ROME — Carlo Ponti, the prolific Italian producer of classics such as “Dr. Zhivago,” “Blowup” and “Two Women,” for which his wife, Sophia Loren, won an Oscar, died Tuesday in Geneva. He was 94.
Ponti had been admitted to a Geneva hospital about 10 days ago for pulmonary complications.
Ponti made movies for more than six decades in Italy, France, the U.K. and Hollywood, generating more than 150 feature films, often as a daring experimenter.
He shepherded Federico Fellini’s “La Strada,” Jean-Luc Godard’s “A Woman Is a Woman” and Andy Warhol’s “Flesh for Frankenstein” as well as more conventional works like David Lean’s “Zhivago,” for which he was Oscar-nominated in 1965, and disaster movie “The Cassandra Crossing.”
In addition to “Blowup,” he shepherded Michelangelo Antonioni films “Zabriskie Point” and Jack Nicholson starrer “The Passenger” as well as arthouse faves such as Milos Forman’s “The Fireman’s Ball” and Ettore Scola’s “Una giornata particolare” (A Special Day), which notably paired Loren with Marcello Mastroianni.
In 1956, “La Strada,” which he co-produced, won the Academy Award for foreign-language film as did “Yesterday, Today, and Tomorrow” in 1964.
Born in the small town of Magenta, near Milan, Ponti studied law and started out as a practicing lawyer before mounting his first film production, Mario Soldati’s period piece “Piccolo mondo antico,” starring Alida Valli, in 1941.
After working with some of the best Italian directors of the day during the 1940s, Ponti partnered with Dino De Laurentiis in 1950. Their collaboration spawned some high-profile pics of that period — including King Vidor’s “War and Peace,” on which Ponti served as executive producer — before the partnership dissolved in 1957. Ponti also collaborated with talents as diverse as Peter Ustinov and Roman Polanski.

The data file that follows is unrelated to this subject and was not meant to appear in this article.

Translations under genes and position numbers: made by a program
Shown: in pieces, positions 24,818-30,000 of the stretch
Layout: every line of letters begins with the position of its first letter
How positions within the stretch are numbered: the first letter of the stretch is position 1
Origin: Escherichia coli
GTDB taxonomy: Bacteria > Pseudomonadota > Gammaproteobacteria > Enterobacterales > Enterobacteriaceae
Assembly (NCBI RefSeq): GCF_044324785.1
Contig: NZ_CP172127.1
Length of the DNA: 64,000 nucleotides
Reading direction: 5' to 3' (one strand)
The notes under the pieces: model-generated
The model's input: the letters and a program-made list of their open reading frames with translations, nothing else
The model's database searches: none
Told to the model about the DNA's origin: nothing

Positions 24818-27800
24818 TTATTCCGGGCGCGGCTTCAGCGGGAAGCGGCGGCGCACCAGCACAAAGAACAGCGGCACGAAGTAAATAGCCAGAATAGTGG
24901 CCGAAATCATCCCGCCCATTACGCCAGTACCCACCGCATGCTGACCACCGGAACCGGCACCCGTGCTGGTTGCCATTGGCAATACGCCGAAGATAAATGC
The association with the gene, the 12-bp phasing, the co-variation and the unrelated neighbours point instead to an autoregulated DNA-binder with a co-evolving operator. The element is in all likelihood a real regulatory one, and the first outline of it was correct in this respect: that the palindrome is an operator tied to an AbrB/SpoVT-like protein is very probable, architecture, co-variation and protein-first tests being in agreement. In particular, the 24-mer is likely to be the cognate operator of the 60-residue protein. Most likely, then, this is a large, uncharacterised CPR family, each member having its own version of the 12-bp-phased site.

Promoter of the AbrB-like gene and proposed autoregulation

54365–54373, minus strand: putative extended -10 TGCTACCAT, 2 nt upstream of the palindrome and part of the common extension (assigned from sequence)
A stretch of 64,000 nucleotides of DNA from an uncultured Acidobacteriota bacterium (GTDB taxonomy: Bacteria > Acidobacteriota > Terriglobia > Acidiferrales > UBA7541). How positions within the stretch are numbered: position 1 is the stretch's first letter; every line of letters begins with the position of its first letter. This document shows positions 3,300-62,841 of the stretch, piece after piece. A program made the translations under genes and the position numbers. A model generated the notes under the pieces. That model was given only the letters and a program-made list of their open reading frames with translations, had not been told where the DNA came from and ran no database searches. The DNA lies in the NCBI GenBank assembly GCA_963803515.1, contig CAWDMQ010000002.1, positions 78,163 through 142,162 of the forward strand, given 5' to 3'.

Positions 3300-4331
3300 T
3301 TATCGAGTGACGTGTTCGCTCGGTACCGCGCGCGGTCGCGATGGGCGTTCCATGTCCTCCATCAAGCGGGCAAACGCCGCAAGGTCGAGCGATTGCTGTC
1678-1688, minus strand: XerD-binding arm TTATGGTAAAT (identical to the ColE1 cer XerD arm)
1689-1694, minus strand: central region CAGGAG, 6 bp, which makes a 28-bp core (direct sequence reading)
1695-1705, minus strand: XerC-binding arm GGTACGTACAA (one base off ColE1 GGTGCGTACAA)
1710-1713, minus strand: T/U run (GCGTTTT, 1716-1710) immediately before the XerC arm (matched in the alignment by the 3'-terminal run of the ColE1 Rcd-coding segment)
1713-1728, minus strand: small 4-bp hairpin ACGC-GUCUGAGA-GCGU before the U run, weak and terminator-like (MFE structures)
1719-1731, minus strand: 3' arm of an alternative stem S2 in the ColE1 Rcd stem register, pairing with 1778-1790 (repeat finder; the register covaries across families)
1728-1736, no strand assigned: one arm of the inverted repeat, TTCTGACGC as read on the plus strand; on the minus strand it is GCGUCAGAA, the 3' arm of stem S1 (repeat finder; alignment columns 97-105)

As legend has it, Ponti spotted Loren when, as a 15-year-old, she took part in a beauty contest of which he was a 37-year-old judge.
He was certainly instrumental in developing her career, paying for the ingenue’s acting and English lessons, changing her name from Sofia Lazzaro and generally grooming Loren for the international stardom she attained in full with her 1962 Oscar for Vittorio De Sica’s “Two Women.”
Ponti and Loren married in Mexico when she was 22, in 1957. But that marriage was later annulled after Ponti, who had been previously married, ran into complications with the Catholic Church and Italy’s then-stringent divorce laws.
The couple first lived in exile and then, after the annulment of their Mexican marriage, in secret in Italy. During this period, Ponti produced “La ciociara” — the aforementioned “Two Women” — and he contributed significantly to the development of French New Wave cinema in his collaboration with Godard.
The producer and Loren remarried in 1966 in France and had two children. Though the gossip sheets often suggested that the marriage was shaky — he apparently had affairs, leading men purportedly fell in love with her — the union survived.
Aside from his problems with Italy’s Catholic Church and divorce laws, Ponti had several other legal run-ins. He was briefly imprisoned by the Fascist government in Italy during World War II for producing “Piccolo mondo antico,” which was considered anti-German. An Italian court later gave Ponti a six-month sentence for his 1973 film “Massacre in Rome,” which argued that Pope Pius XII did nothing about the execution of Italian hostages by the Germans. On appeal, the charges were eventually dropped.
He also narrowly escaped two kidnapping attempts in 1975.
In recent years, the couple lived mostly in Switzerland. Despite sporadic reports that he was in failing health, Ponti attended the 1998 Venice Film Fest to accept a lifetime achievement award for his wife, who was herself kept away by illness.
Ponti is survived by his wife; their children, Carlo Jr., an orchestra conductor; and Edoardo, a helmer; as well as two children from his first marriage, Guendolina and Alexander.